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Lincoln

Lincoln

Steven Spielberg’s Lincoln is everything a film about that towering figure ought to be: majestic yet intimate, respectful but not worshipful. It manages to humanize a historical figure without diminishing him in any way, thanks to the director’s sure hand, a superior screenplay by playwright Tony Kushner (based on the work of historian Doris Kearns Goodwin), and a miraculous performance by Daniel Day-Lewis in the leading role. Why “miraculous?” After just a few minutes’ time, I forgot about the actor and allowed myself to believe that I was actually watching Abraham Lincoln. That’s what is meant by “disappearing into the character.” (At the same time, the audience’s awareness of Tommy Lee Jones, cast as outspoken abolitionist Thaddeus Stevens, also works to the film’s advantage because it plays to the actor’s strengths—and his track record of bringing curmudgeons to life.)

Spielberg has assembled a first-class team of collaborators in order to make the 1860s come alive without ever looking, or feeling, like a slick Hollywood period piece. Cinematographer Janusz Kaminski, production designer Rick Carter, composer John Williams, costume designer Joanna Johnston, and every other colleague’s contributions feel organic and seamless, which is no easy feat.

The film focuses on the last few months of Lincoln’s life, as the bloody Civil War is nearing its conclusion and the President exerts his considerable powers of persuasion—and determination—to pass the 13th Amendment to the Constitution, guaranteeing the end of slavery. As an examination of political gamesmanship in Washington, Lincoln feels surprisingly contemporary.

The cast is overflowing with talent, and every actor gets at least one moment in the spotlight. Sally Field, David Strathairn, Hal Holbrook, Gloria Reuben, Joseph Gordon-Levitt, Lee Pace, Jared Harris, Jackie Earle Haley, Bruce McGill, David Oyelowo, James Spader, John Hawkes, Tim Blake Nelson, Walton Goggins, Michael Stuhlbarg, and Adam Driver are just a few of the notable players who bring their best game to this endeavor.

What do we learn that we don’t already know about the celebrated 16th President? That depends on how well-read you are on the great man’s life and work. Spielberg, Kushner, and Day-Lewis don’t put him on a pedestal: he has his failings as a father and husband, and threatens to drive some of his cohorts to distraction with his habit of telling aphoristic stories. He is kind and decent, but in order to achieve his goal of abolishing slavery he is willing to make brutal choices. He is a man of many parts, and this film allows us to see a number of those facets. That’s what makes Lincoln so memorable.

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Comments

IP OP

About half of these comments sound like they
came from the publicity dept. Sad if true. Sadder still if it isn't.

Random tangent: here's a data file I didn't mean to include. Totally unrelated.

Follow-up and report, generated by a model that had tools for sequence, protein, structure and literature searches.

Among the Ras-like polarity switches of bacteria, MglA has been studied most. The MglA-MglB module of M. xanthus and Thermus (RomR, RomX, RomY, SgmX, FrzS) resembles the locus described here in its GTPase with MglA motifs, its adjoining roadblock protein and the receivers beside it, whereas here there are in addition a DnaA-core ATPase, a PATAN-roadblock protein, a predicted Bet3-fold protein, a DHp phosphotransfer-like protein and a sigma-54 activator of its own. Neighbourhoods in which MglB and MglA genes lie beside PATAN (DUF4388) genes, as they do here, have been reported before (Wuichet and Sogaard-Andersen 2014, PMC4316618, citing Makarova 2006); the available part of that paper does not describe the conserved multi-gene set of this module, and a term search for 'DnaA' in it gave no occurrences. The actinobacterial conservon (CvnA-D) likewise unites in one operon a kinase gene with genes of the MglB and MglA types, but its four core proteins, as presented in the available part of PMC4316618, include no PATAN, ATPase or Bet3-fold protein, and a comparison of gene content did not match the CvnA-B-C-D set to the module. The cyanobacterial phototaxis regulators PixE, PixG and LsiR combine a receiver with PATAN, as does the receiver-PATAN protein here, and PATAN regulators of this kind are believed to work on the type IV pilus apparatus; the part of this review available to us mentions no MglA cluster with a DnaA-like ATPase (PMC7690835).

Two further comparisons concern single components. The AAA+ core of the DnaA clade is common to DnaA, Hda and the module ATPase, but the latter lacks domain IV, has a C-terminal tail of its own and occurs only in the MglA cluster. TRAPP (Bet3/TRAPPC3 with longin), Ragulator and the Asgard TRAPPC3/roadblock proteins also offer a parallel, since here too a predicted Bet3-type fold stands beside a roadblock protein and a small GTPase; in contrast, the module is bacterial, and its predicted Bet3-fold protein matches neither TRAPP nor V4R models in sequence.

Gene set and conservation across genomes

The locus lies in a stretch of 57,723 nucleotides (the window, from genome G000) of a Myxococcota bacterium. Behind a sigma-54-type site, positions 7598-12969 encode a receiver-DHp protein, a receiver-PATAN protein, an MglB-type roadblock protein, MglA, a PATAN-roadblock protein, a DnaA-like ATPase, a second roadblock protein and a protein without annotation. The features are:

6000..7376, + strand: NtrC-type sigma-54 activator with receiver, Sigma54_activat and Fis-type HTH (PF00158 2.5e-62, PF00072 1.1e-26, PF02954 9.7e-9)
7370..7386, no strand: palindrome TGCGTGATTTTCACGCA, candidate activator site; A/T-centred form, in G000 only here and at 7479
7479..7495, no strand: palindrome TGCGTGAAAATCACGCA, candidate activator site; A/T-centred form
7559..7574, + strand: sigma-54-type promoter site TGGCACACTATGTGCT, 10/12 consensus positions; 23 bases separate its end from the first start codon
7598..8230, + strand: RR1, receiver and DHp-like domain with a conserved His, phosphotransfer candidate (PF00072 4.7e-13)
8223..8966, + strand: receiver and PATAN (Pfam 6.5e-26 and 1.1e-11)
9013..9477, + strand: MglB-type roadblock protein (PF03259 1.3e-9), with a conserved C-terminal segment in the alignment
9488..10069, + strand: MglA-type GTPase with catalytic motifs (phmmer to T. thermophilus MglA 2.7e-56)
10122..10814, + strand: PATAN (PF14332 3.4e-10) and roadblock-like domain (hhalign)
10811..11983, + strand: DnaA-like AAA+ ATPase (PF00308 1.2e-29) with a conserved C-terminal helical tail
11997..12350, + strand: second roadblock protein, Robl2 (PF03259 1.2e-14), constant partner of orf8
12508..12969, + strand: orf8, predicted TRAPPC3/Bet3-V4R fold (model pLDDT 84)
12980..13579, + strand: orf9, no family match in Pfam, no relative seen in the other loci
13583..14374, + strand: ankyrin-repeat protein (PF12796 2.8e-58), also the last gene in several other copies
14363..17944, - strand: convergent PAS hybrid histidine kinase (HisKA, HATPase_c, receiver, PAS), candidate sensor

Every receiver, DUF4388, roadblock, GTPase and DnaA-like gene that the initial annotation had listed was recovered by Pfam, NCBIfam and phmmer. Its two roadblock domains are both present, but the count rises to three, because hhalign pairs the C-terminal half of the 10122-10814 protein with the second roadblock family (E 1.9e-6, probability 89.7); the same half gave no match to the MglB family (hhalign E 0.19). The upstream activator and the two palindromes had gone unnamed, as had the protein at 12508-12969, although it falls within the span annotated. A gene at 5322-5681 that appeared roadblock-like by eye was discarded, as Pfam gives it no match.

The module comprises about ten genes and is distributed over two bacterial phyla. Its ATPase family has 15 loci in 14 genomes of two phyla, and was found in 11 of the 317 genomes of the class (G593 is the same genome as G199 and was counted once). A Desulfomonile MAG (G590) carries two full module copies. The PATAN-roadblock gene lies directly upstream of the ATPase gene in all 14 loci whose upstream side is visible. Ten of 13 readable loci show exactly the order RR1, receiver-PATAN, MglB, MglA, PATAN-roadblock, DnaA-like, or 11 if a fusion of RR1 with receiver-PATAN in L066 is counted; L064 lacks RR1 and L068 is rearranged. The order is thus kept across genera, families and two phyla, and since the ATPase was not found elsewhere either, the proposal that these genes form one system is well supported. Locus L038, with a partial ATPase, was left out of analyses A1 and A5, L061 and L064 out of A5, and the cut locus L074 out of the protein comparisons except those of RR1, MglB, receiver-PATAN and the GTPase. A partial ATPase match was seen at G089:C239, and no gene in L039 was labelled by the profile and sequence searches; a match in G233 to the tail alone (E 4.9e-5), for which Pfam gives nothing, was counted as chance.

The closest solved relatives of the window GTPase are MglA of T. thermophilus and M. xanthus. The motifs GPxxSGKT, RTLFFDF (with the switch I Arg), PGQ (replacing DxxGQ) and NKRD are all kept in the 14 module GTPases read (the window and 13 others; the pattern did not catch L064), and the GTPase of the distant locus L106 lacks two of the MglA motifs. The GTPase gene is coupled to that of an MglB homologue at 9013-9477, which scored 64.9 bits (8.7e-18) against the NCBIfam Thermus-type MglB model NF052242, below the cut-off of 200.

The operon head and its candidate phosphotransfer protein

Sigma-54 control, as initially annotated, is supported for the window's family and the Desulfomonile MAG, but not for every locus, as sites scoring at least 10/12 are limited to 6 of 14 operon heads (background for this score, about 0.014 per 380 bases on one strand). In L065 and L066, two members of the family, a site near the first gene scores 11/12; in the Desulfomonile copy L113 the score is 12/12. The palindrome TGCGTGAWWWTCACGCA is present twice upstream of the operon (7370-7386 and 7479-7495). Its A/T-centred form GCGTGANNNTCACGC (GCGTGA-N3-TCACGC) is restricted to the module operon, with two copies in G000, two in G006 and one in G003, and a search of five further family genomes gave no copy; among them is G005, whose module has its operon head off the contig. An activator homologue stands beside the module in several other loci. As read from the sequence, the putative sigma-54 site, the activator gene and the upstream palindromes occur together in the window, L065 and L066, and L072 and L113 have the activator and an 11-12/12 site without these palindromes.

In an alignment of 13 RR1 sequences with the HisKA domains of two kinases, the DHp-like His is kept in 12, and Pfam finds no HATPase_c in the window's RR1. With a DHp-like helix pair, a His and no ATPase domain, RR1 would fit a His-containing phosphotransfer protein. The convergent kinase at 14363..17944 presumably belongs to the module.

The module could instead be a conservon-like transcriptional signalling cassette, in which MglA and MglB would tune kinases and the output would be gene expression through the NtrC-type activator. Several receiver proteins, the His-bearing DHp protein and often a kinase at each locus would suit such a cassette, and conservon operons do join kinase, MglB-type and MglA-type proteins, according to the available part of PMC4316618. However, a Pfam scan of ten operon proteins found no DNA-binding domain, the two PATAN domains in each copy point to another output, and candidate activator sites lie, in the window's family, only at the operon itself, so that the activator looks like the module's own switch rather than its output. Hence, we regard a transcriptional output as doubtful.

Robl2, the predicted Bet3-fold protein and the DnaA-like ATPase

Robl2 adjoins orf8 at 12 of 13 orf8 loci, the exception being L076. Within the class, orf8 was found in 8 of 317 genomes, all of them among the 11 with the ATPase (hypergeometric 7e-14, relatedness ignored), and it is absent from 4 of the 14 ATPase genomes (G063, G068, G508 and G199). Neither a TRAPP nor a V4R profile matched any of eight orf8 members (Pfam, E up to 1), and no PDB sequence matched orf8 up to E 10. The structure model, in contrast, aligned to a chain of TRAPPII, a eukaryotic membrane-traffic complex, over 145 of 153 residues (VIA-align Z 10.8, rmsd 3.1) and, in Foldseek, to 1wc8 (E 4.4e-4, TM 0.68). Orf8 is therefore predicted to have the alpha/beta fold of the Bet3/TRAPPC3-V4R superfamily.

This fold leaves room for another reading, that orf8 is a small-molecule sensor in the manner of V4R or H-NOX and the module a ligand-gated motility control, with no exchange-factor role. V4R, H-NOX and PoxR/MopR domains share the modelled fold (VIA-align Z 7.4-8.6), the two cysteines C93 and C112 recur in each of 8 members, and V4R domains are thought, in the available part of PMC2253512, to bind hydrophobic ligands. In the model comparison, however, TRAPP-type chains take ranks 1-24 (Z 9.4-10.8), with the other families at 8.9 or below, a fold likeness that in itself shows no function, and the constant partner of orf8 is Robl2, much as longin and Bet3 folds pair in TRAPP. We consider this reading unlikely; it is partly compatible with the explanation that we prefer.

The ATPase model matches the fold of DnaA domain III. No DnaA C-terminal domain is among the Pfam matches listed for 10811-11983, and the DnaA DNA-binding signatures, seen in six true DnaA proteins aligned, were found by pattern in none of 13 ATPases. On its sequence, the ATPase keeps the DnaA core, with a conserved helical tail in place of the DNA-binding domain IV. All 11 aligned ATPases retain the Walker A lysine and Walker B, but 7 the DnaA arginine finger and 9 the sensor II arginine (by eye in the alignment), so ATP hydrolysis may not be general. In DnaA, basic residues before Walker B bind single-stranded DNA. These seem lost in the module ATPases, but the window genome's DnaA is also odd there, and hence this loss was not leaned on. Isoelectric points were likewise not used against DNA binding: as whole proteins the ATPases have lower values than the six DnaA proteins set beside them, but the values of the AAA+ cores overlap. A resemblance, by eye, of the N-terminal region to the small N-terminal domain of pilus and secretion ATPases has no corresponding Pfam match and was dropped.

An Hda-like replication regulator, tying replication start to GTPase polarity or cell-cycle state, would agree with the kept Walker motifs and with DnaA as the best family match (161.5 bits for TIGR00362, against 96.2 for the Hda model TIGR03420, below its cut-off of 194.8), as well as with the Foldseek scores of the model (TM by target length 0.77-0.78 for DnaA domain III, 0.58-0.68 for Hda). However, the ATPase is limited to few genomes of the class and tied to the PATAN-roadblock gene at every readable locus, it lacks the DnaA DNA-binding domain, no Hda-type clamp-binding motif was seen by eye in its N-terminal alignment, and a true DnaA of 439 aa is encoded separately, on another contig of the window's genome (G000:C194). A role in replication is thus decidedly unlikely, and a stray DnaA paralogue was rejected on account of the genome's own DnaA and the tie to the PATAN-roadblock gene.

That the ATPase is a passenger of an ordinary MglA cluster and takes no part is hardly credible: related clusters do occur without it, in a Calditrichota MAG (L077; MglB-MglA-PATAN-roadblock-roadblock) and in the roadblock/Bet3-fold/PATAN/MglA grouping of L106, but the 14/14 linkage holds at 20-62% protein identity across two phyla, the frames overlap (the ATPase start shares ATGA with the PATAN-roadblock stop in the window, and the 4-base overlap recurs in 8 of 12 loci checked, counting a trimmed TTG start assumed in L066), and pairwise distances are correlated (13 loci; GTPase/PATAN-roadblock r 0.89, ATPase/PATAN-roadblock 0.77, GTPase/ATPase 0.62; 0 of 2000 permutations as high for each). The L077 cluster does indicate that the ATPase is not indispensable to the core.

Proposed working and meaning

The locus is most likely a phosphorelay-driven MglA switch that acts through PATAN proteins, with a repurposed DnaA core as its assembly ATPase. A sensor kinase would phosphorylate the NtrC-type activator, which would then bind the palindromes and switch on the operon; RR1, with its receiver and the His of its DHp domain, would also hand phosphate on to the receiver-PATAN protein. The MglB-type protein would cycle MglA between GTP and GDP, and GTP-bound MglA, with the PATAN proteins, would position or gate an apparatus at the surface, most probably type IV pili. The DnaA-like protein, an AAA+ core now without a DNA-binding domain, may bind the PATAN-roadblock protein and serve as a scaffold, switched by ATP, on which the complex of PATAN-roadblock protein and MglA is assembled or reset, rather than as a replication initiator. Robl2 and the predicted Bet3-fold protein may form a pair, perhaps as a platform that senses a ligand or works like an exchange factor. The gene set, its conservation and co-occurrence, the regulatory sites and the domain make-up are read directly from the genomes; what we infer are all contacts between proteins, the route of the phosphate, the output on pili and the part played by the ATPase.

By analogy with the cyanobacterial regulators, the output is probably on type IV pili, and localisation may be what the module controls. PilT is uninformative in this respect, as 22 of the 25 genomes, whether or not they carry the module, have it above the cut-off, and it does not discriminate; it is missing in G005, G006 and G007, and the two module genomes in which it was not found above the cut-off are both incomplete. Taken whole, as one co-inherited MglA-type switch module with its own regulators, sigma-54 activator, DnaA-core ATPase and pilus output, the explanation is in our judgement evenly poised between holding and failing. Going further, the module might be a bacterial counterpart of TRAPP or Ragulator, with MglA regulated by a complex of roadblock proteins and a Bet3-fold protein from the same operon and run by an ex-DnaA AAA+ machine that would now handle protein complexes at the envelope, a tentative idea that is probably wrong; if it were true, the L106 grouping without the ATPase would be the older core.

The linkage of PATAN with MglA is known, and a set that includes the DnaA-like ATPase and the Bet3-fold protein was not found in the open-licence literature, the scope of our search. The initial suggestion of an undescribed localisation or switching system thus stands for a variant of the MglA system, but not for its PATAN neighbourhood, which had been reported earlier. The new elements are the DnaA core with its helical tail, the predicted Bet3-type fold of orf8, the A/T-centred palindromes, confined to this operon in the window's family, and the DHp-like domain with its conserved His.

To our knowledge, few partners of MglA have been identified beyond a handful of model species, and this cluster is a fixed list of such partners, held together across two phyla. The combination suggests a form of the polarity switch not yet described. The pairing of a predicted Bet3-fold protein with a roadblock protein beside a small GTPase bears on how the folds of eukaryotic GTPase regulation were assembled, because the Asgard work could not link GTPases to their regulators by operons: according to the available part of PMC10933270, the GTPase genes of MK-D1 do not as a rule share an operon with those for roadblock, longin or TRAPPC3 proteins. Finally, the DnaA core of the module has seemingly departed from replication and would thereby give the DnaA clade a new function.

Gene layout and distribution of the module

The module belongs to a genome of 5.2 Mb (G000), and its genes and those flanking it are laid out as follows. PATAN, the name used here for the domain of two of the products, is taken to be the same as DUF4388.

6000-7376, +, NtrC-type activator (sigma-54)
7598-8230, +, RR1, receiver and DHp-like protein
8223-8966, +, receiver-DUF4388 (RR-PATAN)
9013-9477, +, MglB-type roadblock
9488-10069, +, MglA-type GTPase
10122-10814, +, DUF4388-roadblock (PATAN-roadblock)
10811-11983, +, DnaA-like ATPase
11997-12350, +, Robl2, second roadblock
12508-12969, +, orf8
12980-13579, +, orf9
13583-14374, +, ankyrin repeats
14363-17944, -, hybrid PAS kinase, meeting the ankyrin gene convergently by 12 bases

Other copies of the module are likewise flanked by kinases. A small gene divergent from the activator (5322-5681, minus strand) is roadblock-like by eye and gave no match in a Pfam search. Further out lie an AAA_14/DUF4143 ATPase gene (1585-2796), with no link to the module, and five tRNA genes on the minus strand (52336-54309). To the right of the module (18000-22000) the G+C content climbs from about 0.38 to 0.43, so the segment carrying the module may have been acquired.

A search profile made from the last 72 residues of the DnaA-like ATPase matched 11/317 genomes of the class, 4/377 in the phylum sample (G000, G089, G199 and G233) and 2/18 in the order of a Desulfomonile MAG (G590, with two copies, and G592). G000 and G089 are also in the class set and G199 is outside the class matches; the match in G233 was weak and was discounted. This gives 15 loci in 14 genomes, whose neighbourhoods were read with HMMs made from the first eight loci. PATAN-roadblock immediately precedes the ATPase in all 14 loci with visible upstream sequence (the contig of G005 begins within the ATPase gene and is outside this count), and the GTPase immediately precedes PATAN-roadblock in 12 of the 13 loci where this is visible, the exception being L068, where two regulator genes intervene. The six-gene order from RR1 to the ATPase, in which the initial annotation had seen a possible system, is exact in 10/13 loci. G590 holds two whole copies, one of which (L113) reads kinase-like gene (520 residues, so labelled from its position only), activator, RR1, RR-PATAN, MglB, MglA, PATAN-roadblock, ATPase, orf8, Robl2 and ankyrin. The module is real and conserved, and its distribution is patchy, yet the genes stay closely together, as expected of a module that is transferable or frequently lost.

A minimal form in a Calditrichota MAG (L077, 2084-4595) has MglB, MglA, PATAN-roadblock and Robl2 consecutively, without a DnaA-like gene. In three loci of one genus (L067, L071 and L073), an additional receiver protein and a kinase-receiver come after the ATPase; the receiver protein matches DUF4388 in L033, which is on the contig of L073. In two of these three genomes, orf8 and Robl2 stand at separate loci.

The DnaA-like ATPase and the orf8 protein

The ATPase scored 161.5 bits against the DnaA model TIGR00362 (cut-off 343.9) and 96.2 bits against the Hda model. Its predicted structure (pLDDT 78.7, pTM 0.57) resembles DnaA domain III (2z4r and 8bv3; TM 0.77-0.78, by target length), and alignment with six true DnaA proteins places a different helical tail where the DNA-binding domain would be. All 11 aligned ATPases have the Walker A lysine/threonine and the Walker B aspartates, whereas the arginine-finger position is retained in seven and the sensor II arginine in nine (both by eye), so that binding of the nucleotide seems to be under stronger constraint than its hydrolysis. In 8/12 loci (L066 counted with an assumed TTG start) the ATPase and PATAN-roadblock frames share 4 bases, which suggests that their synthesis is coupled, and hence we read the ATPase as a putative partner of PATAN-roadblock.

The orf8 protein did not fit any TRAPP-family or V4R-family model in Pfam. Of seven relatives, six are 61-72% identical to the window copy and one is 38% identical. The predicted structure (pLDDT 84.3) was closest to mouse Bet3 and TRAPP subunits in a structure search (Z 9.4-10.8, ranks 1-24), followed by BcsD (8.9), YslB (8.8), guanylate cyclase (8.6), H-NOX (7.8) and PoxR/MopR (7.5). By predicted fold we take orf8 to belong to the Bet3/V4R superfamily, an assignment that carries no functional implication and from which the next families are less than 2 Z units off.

As for this —8th?–9th?–10th? Hollywood Lincoln that,
in 2012, brings nothing new to the table, what to say?

AGAIN —-Sally Field, and featuring, pointedly it seems,
a foriegner in the lead.

Further, Spielberg, Godwin and Kushner, one and all
capstone vetted, authorized and 'on board' manage
to 'completely overlook' what's surely the most urgently
relevant aspect of his legacy —–ie his quite possibly
——FATAL—— diss of the Global bank monopoly
over finance of the war.

LOOK at what's unfolding all around you in 2013.

AGAIN ———————BEWARE!

Duane

This was a remarkable movie in its delivering a vivid picture of Lincoln's intellect, his soul and his political acumen. Many today don't like politics. We have moved a long way from when democracy was fragile. So, the fact some find it tedious when it was central to knowing Lincoln may only reflect how much today we in this country can take it for granted. Back then, tens of thousands would travel days to just hear political speakers. Perhaps those in countries where democracy is new formed might find this movie more inspiring than those here who feel that politics — central to democracy — boring.

Michael

Lincoln is fatally overlong and focuses on the minutiae of Congressional vote-counting. Political wonks may like it, but for the rest of us the dialogue is mostly hard-to-follow, dry-as-dust lawyer-speak. The movie should be titled "Tedious Details Involving the Passage of the 13th Amendment." Don't stick around for the assassination conspiracy to unfold — it is completely omitted. I was left cold and numb by the end. I think people are appreciating it (not liking it) for political reasons, and that is a shame. Read Bill O'Reilly's "Killing Lincoln" instead. It's much more incisive, exciting, and real-to-life.

Jeffrey

I was skeptical of this film at first. However, even with my doubts, it affected me. Although this film does celebrate a man's great accomplishments, it also portrays people as normal human beings who are flawed. We like to romanticize our history, thinking that people were better ages ago. But this film sees people as being just as mercurial and temperamental as we are today. And for that kind of realism, I applaud Spielberg.

VCQ

It was long and boring and if it gets nominated its just because of Spielberg and DDL's reputations!
A few people walked out of the theater and even heard some asking for a refund!!!

mike schlesinger

The cast alone makes this a genuine event.

teddy

excellent!!!!!!!

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